NEVER-SEEN-BE­FORE PICS: Re­live an amaz­ing race that wowed the world

Motorcycle News (UK) - - This Week - By Stu­art Barker MCN CON­TRIB­U­TOR

Even now, half a cen­tury af­ter the event, it would be hard to imagine a more per­fect sce­nario for a mo­tor­cy­cle race.

Bri­tain’s Mike Hail­wood and the suave Ital­ian Gi­a­como Agos­tini were by far and away the finest mo­tor­cy­cle rac­ers of their era and, with hind­sight, are now ac­knowl­edged as two of the great­est of all time. Their ma­chines, the Honda 500-4 and MV Agusta 500-3, were the fastest and most ad­vanced in the world in their day and have be­come two of the most revered mo­tor­cy­cles in his­tory.

In 1967, the Se­nior TT was the sin­gle great­est mo­tor­cy­cle race on the cal­en­dar and it counted as the Bri­tish round of the 500cc Grand Prix world cham­pi­onship – the fore­run­ner of to­day’s Mo­togp. The weather on June 16 was ab­so­lutely scorch­ing and over 100,000 fans had flocked to the Isle of Man to wit­ness this clash of the ti­tans. Ev­ery­thing was in place for what proved to be not only the great­est TT of all time, but also one of the most thrilling mo­tor­cy­cle races ever seen.

By 1967, Hail­wood had al­ready won 11 TT races and was an eight-time world cham­pion across three classes (250cc, 350cc and 500cc). He was 27 years old. Agos­tini made his TT de­but in 1965 and had, as yet, only scored a sin­gle vic­tory; in the 1966 Ju­nior race. But he was the reign­ing 500cc cham­pion of the world, hav­ing taken the ti­tle from Hail­wood, and rep­re­sented the com­ing force in in­ter­na­tional mo­tor­cy­cle racing. On the day he would square up against Hail­wood over six laps and 226 miles of the bru­tally pun­ish­ing TT Moun­tain Course in the Di­a­mond Jubilee Se­nior TT, he would turn 25 years old. Among all other things, Se­nior race day was Agos­tini’s birth­day.

Ago’s glo­ri­ously exotic three-cylin­der 500cc MV Agusta was renowned for its sublime han­dling – a ma­jor ad­van­tage through the 300-plus corners that make up the no­to­ri­ously bumpy TT course. Hail­wood’s Honda was faster, con­sid­er­ably faster, but it han­dled, in Mike’s own words, ‘like a camel.’ As much as any­thing else, the 1967 Se­nior TT would be a con­test be­tween brute speed and silky-smooth han­dling.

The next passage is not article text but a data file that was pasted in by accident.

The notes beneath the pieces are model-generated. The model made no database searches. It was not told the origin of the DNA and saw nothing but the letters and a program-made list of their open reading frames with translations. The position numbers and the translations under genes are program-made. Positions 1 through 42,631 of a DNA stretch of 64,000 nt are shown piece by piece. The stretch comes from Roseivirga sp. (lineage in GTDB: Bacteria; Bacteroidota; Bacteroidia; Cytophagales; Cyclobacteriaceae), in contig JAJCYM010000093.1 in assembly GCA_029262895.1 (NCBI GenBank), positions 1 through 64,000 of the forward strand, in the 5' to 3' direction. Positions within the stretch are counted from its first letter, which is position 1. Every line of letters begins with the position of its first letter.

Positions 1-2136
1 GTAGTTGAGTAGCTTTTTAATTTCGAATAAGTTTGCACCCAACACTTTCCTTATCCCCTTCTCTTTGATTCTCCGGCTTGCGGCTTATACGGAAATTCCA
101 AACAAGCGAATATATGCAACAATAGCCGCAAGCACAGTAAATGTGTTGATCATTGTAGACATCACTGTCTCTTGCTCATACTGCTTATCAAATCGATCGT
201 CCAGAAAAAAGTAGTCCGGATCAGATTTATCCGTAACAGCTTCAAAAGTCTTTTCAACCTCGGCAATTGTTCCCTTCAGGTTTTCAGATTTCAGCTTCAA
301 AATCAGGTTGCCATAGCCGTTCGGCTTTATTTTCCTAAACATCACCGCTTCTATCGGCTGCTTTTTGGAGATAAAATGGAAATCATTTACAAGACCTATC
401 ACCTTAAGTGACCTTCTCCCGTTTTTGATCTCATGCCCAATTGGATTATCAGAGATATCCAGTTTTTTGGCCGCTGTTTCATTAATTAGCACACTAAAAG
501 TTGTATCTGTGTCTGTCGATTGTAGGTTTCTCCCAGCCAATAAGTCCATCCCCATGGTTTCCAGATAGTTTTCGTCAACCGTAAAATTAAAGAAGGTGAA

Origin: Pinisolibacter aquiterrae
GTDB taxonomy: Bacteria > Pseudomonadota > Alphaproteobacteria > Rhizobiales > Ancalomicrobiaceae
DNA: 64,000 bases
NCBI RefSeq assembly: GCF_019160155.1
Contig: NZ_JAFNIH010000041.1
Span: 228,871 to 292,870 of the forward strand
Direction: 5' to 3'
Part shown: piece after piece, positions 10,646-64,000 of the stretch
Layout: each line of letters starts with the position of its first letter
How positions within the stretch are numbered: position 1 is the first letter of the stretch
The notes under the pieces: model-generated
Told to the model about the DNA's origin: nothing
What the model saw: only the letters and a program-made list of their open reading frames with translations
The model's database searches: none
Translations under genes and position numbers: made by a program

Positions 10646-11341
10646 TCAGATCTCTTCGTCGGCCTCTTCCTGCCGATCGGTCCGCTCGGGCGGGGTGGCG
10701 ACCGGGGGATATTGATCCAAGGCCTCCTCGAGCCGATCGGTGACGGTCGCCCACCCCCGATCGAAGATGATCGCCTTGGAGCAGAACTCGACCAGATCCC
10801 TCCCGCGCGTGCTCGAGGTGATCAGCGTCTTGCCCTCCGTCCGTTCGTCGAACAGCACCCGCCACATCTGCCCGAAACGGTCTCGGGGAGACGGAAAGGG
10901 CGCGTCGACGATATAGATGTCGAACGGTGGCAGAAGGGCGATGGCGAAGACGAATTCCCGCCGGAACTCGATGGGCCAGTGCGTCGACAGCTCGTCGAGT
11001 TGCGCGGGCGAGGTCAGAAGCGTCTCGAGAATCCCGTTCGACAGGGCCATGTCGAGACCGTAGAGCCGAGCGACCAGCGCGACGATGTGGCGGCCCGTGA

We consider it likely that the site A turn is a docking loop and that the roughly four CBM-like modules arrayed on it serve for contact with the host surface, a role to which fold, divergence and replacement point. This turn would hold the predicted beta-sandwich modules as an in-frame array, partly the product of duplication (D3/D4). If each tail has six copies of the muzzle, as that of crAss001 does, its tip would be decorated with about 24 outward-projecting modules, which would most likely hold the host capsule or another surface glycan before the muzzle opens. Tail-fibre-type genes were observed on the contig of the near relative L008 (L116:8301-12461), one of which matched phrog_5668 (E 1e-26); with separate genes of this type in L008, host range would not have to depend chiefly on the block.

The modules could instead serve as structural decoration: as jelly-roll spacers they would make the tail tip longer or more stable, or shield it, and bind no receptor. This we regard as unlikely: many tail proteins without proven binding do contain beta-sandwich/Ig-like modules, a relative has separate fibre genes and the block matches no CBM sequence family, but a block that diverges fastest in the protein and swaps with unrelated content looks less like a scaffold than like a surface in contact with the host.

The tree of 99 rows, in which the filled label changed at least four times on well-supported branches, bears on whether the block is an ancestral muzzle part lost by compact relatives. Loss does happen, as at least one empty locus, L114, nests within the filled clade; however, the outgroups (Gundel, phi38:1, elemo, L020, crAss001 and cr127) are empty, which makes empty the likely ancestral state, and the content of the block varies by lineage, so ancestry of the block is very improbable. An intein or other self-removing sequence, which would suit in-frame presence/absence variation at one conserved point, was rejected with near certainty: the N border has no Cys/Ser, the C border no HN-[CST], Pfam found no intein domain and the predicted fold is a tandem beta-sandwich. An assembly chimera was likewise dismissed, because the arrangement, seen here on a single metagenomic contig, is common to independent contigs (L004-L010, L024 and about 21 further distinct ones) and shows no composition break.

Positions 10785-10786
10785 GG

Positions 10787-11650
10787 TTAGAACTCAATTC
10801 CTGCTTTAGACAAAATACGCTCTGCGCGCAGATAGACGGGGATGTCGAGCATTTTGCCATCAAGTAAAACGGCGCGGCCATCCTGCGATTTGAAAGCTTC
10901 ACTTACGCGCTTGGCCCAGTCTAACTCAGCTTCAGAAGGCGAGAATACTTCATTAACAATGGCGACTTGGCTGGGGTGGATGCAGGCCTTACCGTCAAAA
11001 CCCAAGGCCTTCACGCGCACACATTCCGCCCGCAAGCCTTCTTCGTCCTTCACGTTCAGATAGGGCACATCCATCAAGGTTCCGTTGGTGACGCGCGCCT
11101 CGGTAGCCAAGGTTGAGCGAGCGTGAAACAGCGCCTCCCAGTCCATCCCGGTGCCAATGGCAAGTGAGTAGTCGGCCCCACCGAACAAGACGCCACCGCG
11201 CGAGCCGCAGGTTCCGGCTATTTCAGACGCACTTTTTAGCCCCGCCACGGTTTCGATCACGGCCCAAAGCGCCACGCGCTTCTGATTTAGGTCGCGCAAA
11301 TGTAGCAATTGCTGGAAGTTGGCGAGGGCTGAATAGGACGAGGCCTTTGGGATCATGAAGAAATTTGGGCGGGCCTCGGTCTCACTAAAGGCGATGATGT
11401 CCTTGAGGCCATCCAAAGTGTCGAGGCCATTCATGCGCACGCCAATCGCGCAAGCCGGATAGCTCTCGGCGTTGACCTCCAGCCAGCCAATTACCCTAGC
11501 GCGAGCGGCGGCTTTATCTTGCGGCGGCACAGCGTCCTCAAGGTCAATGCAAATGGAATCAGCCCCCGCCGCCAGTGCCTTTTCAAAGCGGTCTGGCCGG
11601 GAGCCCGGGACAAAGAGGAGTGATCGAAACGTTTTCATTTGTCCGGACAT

Agos­tini would go on to win a stag­ger­ing 15 world championships and be­come the most suc­cess­ful mo­tor-

cy­cle racer of all time (to put that in per­spec­tive, the great Valentino Rossi ‘only’ has nine ti­tles) but he doesn’t hes­i­tate when asked what was the most im­por­tant race of his long and il­lus­tri­ous ca­reer. In his 2004 au­to­bi­og­ra­phy, Fif­teen­times, the Ital­ian wrote: “There have been plenty of im­por­tant races in my ca­reer. But there is one into which I put body and soul, one where I per­formed to the limit. Even now, I some­times dream about it. It was one of the most dif­fi­cult cir­cuits against one of the tough­est op­po­nents in the world. It was the 1967 Tourist Tro­phy.”

The calm be­fore the storm

The stage was set for a clash of epic pro­por­tions and Hail­wood had no fin­ger­nails left to chew as he sat in his ho­tel room, an hour be­fore the

race was due to start. He had pol­ished his gog­gles un­til the glass was al­most worn through, seek­ing any way to di­vert his thoughts and pass the last few ag­o­nis­ing mo­ments be­fore head­ing up to the start line on Glen­crutch­ery Road for his 1.30pm ap­point­ment with des­tiny. “Look at me,” he said to his friend and Dai­lymir­ror jour­nal­ist, Ted Ma­cauley, as he gazed in the mir­ror. “I look a hun­dred years old. That’s what racing does to you.”

A poor sleeper at the best of times, Hail­wood had spent much of the pre­vi­ous night read­ing and lis­ten­ing to mu­sic on the lit­tle por­ta­ble ra­dio that went every­where with him. Now, as he read­ied him­self for ac­tion, he yawned con­stantly and made end­less trips to the bath­room. It wasn’t fear for his life that made Hail­wood so ner­vous – al­though that would have been per­fectly un­der­stand­able as he was about to tackle the world’s most danger­ous race track – it was fear of los­ing. Agos­tini had won the open­ing round of the 500cc world cham­pi­onship at Hock­en­heim in Ger­many while Hail­wood failed to score due to a bro­ken crank­shaft, so the Ital­ian was lead­ing

‘I look a hun­dred years old. That’s what racing does to you’ MIKE HAIL­WOOD

Hail­wood’s Honda had the speed but it han­dled like a camel

Glorious throw­back to the era of suits and ties at the Isle of Man TT races

Hail­wood and Ago: great friends, fierce ri­vals

Wear­ing their thin one-piece suits, rid­ers line up along the Glen­crutch­ery Road

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